EBMT 2018 | Targeting T-cell, B-cell & APC activation to treat chronic GvHD

Steven Pavletic

By understanding the pathogenesis of chronic graft-versus-host disease (GvHD), treatments can be better targeted to improve patient outcomes. In this video, Steven Pavletic, MD, MS, from the National Cancer Institute, Bethesda, MD, talks about targeting T-cell, B-cell and APC activation to treat chronic GvHD, in order to derive alternative therapies to corticosteroid treatment. Dr Pavletic was speaking from the European Society for Blood and Marrow Transplantation (EBMT) 2018 Annual Meeting, held in Lisbon, Portugal.

Transcript (edited for clarity):

Because of a number of new, improved animal models and the great work of many people, including colleagues like Bruce Blazer, Stefanie Sarantopoulos, Robert Isan and many others, we have better understanding of biology and the ornament, and puzzle is coming together.
We know better now where to interfere much cleverly in the disease process.
We know that there are points to interfere with the T cell activation, the B cell activation, with antigen presenting cells activation, with neutrophils, with thalamic function and immune reconstitution, with antigen presentation in the lymph nodes, so different points now due to advances in our technologies in defining and developing new molecules. They can much more cleverly target that process, we are now in the position of testing new drugs.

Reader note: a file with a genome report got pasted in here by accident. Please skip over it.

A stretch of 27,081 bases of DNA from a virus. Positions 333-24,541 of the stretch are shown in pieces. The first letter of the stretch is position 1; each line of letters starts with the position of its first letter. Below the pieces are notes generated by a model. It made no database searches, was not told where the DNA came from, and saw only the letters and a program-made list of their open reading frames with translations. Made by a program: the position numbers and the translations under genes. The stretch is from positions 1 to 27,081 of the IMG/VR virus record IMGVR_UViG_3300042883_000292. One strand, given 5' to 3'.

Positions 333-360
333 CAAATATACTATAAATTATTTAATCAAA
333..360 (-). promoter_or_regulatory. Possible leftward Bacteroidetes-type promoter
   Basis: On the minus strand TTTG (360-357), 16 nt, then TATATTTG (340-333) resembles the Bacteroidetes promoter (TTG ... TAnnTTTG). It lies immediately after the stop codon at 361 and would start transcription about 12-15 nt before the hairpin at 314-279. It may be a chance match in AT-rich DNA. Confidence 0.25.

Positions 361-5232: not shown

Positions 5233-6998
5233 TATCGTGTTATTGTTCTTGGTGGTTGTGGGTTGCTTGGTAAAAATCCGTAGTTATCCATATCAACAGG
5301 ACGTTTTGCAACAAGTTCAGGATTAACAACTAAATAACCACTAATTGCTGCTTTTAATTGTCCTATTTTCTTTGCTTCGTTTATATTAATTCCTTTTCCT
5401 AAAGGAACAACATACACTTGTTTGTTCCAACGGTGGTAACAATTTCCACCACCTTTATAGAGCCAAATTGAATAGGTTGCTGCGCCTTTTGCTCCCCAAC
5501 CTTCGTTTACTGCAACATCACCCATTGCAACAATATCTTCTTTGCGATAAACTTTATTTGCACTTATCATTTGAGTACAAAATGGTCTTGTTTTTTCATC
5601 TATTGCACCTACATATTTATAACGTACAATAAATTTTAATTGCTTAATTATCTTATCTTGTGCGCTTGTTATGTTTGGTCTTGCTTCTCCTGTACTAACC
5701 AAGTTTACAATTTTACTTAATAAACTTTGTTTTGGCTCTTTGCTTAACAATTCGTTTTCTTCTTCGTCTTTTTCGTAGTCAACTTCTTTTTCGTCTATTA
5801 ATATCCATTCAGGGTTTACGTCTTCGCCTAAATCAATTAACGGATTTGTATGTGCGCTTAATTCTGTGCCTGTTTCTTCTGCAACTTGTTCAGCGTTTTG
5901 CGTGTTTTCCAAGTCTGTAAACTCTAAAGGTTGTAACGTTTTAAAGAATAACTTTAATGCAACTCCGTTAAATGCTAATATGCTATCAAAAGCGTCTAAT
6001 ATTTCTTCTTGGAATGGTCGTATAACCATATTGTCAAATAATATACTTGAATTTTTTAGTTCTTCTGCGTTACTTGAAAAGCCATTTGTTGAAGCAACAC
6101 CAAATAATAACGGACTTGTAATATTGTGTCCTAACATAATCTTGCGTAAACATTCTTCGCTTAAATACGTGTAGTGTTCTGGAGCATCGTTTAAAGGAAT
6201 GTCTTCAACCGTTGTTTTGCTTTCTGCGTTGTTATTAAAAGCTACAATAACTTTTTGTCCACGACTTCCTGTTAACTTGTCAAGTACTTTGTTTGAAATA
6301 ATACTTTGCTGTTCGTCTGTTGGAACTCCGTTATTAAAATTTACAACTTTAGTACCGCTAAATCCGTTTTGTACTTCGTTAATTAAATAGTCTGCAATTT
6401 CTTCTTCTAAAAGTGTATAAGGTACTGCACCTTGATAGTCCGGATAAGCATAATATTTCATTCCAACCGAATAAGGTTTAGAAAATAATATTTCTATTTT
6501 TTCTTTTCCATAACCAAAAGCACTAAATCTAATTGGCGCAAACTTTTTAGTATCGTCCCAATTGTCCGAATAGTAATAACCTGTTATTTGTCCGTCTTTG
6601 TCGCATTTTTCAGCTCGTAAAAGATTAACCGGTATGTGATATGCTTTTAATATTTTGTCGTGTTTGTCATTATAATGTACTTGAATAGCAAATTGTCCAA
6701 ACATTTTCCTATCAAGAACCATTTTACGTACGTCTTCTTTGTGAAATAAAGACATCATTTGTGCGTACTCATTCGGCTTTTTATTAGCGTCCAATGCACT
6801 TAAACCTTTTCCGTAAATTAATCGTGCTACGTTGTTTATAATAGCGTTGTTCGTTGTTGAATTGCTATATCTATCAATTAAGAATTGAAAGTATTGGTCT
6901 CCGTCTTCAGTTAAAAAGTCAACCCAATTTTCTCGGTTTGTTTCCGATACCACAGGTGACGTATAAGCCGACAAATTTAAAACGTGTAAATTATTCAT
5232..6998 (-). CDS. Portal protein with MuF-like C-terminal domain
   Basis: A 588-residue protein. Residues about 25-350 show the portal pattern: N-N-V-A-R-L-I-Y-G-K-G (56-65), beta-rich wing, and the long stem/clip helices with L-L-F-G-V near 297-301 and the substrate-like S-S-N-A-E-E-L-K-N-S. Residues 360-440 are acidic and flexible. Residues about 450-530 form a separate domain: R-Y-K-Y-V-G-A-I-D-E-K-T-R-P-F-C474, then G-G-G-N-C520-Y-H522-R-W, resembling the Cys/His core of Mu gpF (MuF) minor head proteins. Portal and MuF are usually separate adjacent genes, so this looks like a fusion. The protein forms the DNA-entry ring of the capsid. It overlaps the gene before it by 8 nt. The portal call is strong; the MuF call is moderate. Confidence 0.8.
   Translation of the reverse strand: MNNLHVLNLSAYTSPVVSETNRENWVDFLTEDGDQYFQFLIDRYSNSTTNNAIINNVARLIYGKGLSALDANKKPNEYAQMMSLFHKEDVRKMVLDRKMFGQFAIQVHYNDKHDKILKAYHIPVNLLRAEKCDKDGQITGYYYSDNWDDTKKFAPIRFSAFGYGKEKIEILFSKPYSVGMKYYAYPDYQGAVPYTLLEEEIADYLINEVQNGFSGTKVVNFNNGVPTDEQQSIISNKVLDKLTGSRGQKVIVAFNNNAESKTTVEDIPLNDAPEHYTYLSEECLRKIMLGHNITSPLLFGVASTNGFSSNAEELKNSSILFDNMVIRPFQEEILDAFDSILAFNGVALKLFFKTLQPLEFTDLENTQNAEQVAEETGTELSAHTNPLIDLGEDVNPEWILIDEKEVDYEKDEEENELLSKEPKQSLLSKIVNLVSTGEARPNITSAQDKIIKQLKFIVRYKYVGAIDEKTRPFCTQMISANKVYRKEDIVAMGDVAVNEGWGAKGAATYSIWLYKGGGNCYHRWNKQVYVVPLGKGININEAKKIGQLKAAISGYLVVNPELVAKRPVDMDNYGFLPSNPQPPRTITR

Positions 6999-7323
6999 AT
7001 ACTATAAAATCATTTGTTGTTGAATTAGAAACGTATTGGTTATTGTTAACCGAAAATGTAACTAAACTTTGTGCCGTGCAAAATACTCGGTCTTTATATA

So, we now aim not to shoot with big guns, and blanket approach like steroids, they’re very broad, very ineffective and very damaging. We try to interfere at certain points in this system where we can interfere with the process, maybe use combinations of drugs, interfering at a of couple points, but avoiding terrible side effects of steroids, and avoiding even more so, interfering with the beneficial effects of transplants that is curing leukemia.
So one of the high interest targets is what emerged from those that preclinical research is targeting the B cells, and the targeting the aberrant dysregulated B cell activation through the B cell receptor.
So the first in class, the first type of drug in that sector is ibrutinib. It’s been developed originally for treating B-cell hematological malignancies, primarily a number of lymphomas, so it’s been for several years approved in the US for treatment of those diseases, there’s vast experience with the safety of that agent, but now we are applying here in targeting B cells in chronic graft versus host disease.
There is another way how ibrutinib interferes with the chronic graph versus host disease, and we learned this especially from clever, chronic GVHD animal models that they’re targeting function of T cells as well.
So those concepts, having a drug that has a good biological rationale, that has vast clinical experience in other diseases, that has a well described side-effect profile, this is a perfect storm and setting, with a growing understanding of B cells in chronic graph versus host disease, to take it to clinical trials in chronic graft-versus-host disease.

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